Using iPads in the classroom is becoming more commonplace, with primary and secondary schools leading the way. Tertiary education is now following suit, with the Bachelor of Business at Unitec making it compulsory for students to have an iPad for their first year papers, starting with the 2014 intake.
“It’s a huge challenge but we can’t ignore it,” says Accounting and Finance Senior Lecturer James Oldfield. “The old attitude of having a basket at the front of the class and making students put their phones in it just isn’t going to fly anymore.”
Oldfield knows all about using mobile technology as a teaching tool – his PhD research is centred on e-Learning and mobile learning, and he’s created a new model for teaching technology to students.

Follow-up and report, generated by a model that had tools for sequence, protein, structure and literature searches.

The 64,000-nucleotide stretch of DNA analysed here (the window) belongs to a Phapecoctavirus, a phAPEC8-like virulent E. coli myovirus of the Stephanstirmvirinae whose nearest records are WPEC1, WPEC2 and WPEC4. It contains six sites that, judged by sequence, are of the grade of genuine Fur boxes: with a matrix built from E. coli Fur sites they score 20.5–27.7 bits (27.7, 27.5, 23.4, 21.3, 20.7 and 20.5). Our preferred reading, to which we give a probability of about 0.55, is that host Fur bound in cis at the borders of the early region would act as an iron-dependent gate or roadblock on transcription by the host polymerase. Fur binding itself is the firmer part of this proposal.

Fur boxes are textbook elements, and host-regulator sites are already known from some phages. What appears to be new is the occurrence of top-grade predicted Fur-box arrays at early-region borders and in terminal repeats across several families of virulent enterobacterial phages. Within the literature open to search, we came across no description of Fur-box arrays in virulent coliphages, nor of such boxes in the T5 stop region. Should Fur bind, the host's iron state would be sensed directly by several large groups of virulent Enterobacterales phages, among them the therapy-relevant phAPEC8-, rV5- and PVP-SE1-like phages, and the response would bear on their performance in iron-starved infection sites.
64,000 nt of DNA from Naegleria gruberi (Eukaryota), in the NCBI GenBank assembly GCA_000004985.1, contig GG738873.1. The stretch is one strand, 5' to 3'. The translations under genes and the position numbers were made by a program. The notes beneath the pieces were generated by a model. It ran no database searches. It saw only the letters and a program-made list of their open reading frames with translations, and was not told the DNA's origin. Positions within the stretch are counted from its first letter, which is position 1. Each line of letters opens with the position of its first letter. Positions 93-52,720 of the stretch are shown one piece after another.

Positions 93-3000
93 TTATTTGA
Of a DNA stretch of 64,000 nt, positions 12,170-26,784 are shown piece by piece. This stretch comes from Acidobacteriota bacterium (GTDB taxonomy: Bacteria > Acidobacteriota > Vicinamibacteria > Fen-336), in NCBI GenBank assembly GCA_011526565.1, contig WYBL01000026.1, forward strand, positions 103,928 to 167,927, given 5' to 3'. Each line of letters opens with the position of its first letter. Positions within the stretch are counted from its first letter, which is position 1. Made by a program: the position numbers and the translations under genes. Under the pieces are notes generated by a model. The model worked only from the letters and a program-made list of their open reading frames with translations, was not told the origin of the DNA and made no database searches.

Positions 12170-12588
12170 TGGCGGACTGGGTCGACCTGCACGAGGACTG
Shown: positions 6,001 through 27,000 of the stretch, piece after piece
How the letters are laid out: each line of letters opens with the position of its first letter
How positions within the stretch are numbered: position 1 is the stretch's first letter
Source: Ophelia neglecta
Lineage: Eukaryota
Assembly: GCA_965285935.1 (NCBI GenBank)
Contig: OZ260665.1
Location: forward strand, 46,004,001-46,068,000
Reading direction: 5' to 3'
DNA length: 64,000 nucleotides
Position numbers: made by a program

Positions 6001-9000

Oldfield says he uses iPads to teach students how to solve business problems. “If you think about trades students, they learn how to use a hammer to build a house; they don’t learn all about the anatomy of the hammer. It’s just a different way of looking at the technology and its role in the classroom. Students don’t learn the components of the iPad, they learn how to use it in a business context. So in other words, rather than learning what the tool does, you learn how to use the tool for a specific context.”
It’s all about providing the best possible solutions for learning in a more technology focused environment, says Oldfield. “You’ve got the ability to either move with the mobile technology that’s coming into the classrooms and take advantage of it, or you can try to fight it. I certainly think that taking advantage of the processing power and the connectivity that these devices bring is a much better option for me as a teacher.”
Read the full story on the Advance Blog here.